Argumentative Essay On Lipstick Jihad, Azadeh Moaveni

Published: 2021-06-30 03:20:05
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Category: Literature, Books, Management, Women, Society, Government, Ethics, Religion

Type of paper: Essay

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Azadeh Moaveni’s literary work, Lipstick Jihad, is a mirror image of the underground youth culture which prevails in the land of Tehran in response to the hard-line restrictions of the religious helms. She interprets it as a form of jihad or religious war with these conservatives who constrict the society with their directives. She is outraged by the moral policing of the authority and is taken aback by the cynic resignation of her companions who live back there. The author delves deep into the gazillion restrictions which are placed on the women folk of the society in Iran. The work is an exploration of the expression of the liberated human spirit which cannot be contained by any societal shackle.
She is a very keen observer of the details and successfully brings out the varied differences between the Western and the Iranian cultures. The literary work documents the various contradictions and ironies of the mundane life in the city of Tehran. There, the ladies and the men ride on the same motorcycle, but find themselves in segregated lines in the passport office. In Tehran, there are a lot of restrictions on inter-sexual relationships which is supposedly meant to uphold decency. However, it is these restrictions which have triggered off the carnal instincts of the commoners who seem to be preoccupied with sex.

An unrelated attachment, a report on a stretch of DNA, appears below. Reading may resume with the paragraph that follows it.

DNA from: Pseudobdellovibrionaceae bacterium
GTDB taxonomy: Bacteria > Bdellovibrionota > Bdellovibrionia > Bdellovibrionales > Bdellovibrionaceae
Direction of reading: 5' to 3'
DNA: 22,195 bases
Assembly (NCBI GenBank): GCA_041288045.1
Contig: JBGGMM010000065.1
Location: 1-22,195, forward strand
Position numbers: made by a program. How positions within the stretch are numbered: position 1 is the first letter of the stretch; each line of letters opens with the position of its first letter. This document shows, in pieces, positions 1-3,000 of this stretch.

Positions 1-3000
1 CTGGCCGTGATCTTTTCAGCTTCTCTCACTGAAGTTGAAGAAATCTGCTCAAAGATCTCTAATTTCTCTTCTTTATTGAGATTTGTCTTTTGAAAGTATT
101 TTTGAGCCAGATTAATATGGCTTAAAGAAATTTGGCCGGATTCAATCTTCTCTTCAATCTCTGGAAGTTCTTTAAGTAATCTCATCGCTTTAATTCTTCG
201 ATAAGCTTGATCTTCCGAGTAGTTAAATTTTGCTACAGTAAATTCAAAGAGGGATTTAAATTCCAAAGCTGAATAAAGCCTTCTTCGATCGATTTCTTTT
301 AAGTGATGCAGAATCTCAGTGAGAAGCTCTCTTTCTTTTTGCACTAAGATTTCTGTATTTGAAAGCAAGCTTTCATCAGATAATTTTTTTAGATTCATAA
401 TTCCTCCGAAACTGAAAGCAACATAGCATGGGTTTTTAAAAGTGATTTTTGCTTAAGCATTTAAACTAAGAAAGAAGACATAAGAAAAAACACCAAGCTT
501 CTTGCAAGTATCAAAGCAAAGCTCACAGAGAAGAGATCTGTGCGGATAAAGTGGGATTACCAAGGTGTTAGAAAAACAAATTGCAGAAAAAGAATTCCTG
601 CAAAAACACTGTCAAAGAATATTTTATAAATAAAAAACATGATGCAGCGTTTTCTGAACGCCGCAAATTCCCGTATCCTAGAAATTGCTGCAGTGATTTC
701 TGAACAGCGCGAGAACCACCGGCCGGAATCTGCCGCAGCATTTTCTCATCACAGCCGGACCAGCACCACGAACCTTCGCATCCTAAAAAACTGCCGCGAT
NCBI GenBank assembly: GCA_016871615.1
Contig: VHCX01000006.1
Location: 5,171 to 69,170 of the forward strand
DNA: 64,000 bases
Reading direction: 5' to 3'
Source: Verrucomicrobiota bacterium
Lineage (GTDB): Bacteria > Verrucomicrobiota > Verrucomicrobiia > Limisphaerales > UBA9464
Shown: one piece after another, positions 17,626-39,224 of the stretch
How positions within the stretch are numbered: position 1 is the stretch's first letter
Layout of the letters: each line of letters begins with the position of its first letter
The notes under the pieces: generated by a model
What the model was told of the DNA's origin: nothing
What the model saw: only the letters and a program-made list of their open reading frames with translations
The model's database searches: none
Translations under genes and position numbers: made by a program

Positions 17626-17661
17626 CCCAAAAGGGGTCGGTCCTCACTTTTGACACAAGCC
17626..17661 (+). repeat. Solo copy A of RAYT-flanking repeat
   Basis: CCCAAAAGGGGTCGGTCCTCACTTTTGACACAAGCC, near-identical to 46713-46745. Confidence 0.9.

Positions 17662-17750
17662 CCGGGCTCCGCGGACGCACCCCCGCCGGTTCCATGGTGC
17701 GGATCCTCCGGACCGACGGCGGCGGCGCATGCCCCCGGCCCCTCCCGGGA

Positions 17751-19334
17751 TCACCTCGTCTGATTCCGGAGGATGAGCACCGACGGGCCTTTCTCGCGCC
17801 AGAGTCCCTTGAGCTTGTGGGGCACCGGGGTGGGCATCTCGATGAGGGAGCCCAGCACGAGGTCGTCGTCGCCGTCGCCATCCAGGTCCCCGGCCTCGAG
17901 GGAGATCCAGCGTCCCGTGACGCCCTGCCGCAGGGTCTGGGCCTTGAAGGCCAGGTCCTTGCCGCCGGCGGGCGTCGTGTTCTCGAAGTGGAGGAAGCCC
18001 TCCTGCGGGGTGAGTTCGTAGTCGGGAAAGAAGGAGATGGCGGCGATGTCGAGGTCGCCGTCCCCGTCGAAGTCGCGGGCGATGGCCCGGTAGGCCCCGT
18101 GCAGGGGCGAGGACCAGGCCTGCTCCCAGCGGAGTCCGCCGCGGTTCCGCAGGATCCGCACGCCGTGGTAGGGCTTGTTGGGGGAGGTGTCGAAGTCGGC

At a point of time, women started wearing lipsticks, in extreme opposition to the fabricated standards of decency and normative behavior. Illegal satellite dishes became popular among the people and the authoritative line which separated the two sexes got blurred on the initiative of the people. The book documents the triumph of free spirit in the face of innumerable restrictions by the institutionalized authority.
Works Cited
Henderson, Bejhat. “Review: Lipstick Jihad: A Memoir of Growing Up Iranian in America and
American in Iran.” Off Our Backs 35.7/8 (2005): 61-62. Print.

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